The whole theory that the New Deal was fascist is based on politically motivated charges from Hoover and others around him. There is no historic evidence that Fascism was accepted by Roosevelt. At the root of Fascism is a combination of State and Corporation and the subjection of the population to the state and the corporation - ie. Hitler's Nazis subordinated the German worker in the Fuhrer principle and Mussolini the originator of the Fascist philosophy created Corporations that combined private and state interests - and thus, together with dictatorship and control by a single strong man or party - such as Franco's Spain - and militarism (shown together in Spain under Franco, Italy under Mussolini, Argentina under Peron, and Germany under Hitler) we have real Fascism as it really manifested. What of America 1932-1941? America remained a Democratic-Republic, with free elections and maintained its liberties more so than today. Roosevelt did not subordinate the worker to the corporation; he extended greater benefits trying to codify the minimum wage and benefits within the context of fair competition through the NRA and later Fair Labor Standards acts. It is quite dishonest to accuse a democratic leader and democratic (small d) society with being Fascist without the true facts that made Fascism what it was in distinction from Communism, Socialism, and other ism's. For, example Stalin was by all accounts worse than Hitler (he killed 30 million of his own citizens and was also an anti-semite) but he was not Fascist, but Communist and more so of a brand named for him - Stalinism whose clear distinction with Fascism is not tyranny, but in the manner of state control over the economy. You must have all the ingredients of Fascism (Corporation/Military/State unity exercising decision making and control over the worker or citizens)-(Dictatorship by one man or committee of one party) to apply the term "Fascism" - which because of its demeaning and horrific nature as exercised by the Nazis in the Holocaust aught not to be used lightly. Thus, FDR was not a Fascist, society in the USA was NOT Fascist, and the term is being used to lightly by some in extreme portions of politics today which not only dishonors the millions who lost their life to real Fascism but the memory of our Grandfather's and Father's who supported, voted for, and were helped by the New Deal of Franklin D. Roosevelt. --Northmeister 01:17, 6 June 2006 (UTC)

The whole theory that the New Deal was fascist is based on politically motivated charges from Hoover and others around him. That might as well be, but that is not for wikipedia editors to ascertain. Let wikipedia readers decide for themselves who has the better arguments. My only reason to change to sub-section name was because fascism is more than just an economic system. Intangible 01:31, 6 June 2006 (UTC)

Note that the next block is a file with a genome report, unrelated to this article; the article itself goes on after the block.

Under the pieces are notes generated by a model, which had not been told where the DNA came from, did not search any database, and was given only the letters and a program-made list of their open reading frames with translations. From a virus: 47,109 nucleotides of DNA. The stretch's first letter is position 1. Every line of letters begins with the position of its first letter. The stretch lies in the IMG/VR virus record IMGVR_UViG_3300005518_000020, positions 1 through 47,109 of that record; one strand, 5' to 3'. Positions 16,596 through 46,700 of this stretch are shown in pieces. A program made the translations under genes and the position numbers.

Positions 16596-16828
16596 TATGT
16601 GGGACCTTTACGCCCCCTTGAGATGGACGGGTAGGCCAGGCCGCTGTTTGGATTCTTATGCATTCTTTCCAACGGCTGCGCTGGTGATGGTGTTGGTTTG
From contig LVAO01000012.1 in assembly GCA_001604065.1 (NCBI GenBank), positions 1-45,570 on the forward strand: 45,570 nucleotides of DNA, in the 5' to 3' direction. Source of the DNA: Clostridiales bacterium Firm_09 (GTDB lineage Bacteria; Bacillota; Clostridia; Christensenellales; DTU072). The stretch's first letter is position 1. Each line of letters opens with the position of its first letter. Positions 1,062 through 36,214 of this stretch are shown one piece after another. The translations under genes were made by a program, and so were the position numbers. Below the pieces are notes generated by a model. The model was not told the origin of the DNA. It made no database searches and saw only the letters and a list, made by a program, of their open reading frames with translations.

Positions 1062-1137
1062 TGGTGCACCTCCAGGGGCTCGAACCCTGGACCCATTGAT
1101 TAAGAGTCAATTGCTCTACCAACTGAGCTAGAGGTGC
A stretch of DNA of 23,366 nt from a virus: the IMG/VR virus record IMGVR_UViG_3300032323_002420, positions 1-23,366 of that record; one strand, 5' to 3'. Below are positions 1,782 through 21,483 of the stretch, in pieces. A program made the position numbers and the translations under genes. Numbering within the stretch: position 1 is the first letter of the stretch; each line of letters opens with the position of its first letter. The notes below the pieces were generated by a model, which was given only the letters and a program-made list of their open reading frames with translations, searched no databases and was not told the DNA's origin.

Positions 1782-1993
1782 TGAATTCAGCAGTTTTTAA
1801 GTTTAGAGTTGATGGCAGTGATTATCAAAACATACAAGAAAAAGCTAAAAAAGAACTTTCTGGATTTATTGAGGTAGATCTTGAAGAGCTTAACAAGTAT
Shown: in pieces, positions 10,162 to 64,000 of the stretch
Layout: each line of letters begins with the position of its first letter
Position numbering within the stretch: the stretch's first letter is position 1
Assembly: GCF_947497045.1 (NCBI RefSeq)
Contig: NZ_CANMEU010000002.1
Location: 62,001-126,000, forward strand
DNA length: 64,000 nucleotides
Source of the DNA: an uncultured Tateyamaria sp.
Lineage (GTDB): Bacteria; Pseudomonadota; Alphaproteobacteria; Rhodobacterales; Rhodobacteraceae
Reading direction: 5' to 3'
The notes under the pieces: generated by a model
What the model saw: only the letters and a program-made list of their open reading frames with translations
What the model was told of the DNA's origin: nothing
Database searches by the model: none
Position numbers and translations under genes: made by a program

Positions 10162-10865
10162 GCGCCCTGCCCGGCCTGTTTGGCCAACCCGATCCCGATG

I think a better sub-section title would be "Charges of fascism from the right" and should be under Criticism of the New Deal sub-section. What do you think? --Northmeister 01:34, 6 June 2006 (UTC)
A sub-section thereunder would do, as long as it does not become a debate - rebuttal kind of section. What New Deal protagonists think should already be described before the criticism section. Then the critism section can just give arguments of those opposing the New Deal in some way or another. Intangible 01:52, 6 June 2006 (UTC)
You are right, we should work in this direction...look to the edits I made before they were reverted by Cberlet earlier. See if such a revision would be suitable to you, also to you RJIII. I was trying to write what you said above into the article. I re-arrange text, and added some historic reference at the end - and only took out the see also which belongs at the end of the article if at all, since I feel it has a very faulty defintion of Fascism to the extreme which almost anything can be called fascism by its definition except anarchy. --Northmeister 03:02, 6 June 2006 (UTC)

I don't think there's any question that FDR wanted a fascist-style economy for the U.S. --whether the resemblance to Mussolini's system was intentional or not. We would have one today if the Supreme Court didn't strike it down. See [2]. I think what's getting a rise out of people is the term "fascism" --today it's seen as a pejorative but back then it was a respectable alternative to a laissez-faire system before the term became associated with mass killings, etc. RJII 02:04, 6 June 2006 (UTC)

There are arguments on both sides. Please stop this waste of time and edit constructively.--Cberlet 02:40, 6 June 2006 (UTC)
Same to you. Edit constructively and stop reverting. The section is obviously and explicitly about the relation to "fascism." So, it makes perfect sense that the title would reflect that. "Statism" just doesn't do it. RJII 02:45, 6 June 2006 (UTC)
You (Cberlet) have interjected a see also in the improper place, please remove that to its proper place at the end of the article or else it will continue to be removed as it is linking to a POV article you have contributed much too..that is POV pushing...your definition of Fascism is highly circumspect and you should not place it in every article to make a point. You have also reverted more than thrice...violating 3RR please refrain from such edit-war tactics---I've had disputes with RJIII before, and have no intention of edit warring here with him - we have also worked things out and worked together - collaboration is a highlight of Wikipedia - this is legitimate discussion. --Northmeister 02:50, 6 June 2006 (UTC)